Today was my first day back at the coffee stand since I left my teaching job. It had been 48 days and a lifetime ago that I last worked as a barista.
When I first walked in this afternoon, I felt overwhelmed with how foreign the place seemed. Nothing inside had changed, but in those first few seconds, my footsteps felt awkward and clunky; my gaze fell upon items both familiar and daunting. It felt like all my years working there was a hazy dream that I half-remembered. My entire body tensed. I started singing to calm myself as I inched into my routines.
Once I got into the swing of things (and I had no choice; I was the only one there), it felt so good.
With all the uncertainty in my life right now, I know for certain how to make a mocha. How to operate the cash register. Where to find the back-up baked goods. How much syrup to put in a Red Bull drink. How to greet customers and how to use my self-created shorthand to record their drink orders.
My barista persona came back like she’d never left. And it’s a lot less draining to wear one’s barista face for a few minutes at a time than to wear one’s teacher face all day.
There were a couple of little rushes, which did stress me out — as they always have. But all the customers were amazing. No one drove off. No one was rude. No one seemed to mind waiting.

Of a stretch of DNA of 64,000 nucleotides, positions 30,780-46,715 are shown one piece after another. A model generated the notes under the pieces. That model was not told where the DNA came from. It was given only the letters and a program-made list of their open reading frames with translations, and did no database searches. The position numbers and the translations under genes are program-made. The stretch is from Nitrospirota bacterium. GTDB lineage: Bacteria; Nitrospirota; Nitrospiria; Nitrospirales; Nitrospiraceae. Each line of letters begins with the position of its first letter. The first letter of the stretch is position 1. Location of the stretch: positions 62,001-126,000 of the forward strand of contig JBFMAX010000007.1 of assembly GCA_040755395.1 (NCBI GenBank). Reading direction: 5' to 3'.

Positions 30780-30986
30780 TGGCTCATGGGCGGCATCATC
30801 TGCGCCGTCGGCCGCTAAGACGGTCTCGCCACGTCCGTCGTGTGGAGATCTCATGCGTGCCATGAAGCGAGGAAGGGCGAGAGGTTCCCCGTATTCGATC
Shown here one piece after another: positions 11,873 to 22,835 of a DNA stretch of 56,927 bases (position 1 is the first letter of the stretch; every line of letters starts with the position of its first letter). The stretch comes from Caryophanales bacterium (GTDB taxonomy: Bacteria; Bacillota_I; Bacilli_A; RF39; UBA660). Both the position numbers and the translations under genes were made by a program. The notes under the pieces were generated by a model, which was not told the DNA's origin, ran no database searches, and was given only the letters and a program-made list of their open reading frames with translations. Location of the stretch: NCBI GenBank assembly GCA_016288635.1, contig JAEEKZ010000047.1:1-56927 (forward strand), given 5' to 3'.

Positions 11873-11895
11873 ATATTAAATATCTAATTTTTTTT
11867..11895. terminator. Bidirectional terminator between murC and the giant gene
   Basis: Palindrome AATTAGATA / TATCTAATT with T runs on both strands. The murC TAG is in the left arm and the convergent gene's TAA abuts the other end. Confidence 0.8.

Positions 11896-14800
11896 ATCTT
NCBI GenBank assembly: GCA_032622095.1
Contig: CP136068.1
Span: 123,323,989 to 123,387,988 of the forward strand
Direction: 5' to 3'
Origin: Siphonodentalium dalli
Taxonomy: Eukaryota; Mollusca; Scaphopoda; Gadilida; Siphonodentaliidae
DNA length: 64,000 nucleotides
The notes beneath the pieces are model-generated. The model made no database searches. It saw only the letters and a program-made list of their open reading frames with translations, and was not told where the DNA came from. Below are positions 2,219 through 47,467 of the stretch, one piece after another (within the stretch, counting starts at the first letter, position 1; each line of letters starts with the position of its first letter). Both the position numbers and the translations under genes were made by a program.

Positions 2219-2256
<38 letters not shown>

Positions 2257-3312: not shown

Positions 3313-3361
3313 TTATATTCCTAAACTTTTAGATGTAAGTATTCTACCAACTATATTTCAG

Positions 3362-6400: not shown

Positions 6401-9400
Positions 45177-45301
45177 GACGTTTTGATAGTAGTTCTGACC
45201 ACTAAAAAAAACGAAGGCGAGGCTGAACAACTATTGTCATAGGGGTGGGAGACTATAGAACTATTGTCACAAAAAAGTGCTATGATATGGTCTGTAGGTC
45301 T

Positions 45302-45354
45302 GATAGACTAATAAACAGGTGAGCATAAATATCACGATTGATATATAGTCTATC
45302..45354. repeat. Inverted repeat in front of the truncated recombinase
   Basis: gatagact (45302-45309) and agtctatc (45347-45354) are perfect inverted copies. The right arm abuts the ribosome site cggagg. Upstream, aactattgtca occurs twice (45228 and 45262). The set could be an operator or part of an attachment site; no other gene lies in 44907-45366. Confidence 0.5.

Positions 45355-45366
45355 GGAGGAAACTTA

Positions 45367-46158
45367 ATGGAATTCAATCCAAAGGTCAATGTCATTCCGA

What scared me the most about returning to the stand was answering questions about why I was back. I’d rehearsed a couple of pat answers constructed by friends in the many conversations I’ve had about the ordeal: “It wasn’t a good fit.” And, if pressed, “It just wasn’t a healthy environment.” And, as expected, some of my regulars asked. But they couldn’t have been nicer about it.
One customer gave me the biggest tip of my coffee-making career. I just about cried. Another — who didn’t know anything about my situation — gave me some food.
At one point, I was half-convinced I needed to give up the idea of teaching and be a barista forever. It makes me happy. It offers that instant gratification that only comes from making something by hand. Yes, it’s a little different if you’ve, say, knit a sweater as a gift than if you’ve made a drink they’re paying for. But the sentiment is similar!
I didn’t have time to dwell on my situation, or be irritated by initiating small talk (a fact of life in the retail profession), or worry about my future. All I had the mind-space for was the task at hand. And unlike in teaching, my perfectionist tendencies are well suited in the hospitality industry.
As is prone to happen these days, my high was instantly followed by sulking about my concerns in my capability to teach and my fluctuating desire to do so. It’s almost as though I’m suspicious of happiness — I keep waiting for the other shoe to drop, so I give it a push. Clearly, I still have a lot to work on. But if nothing else, I know I can make a damn good cup of coffee.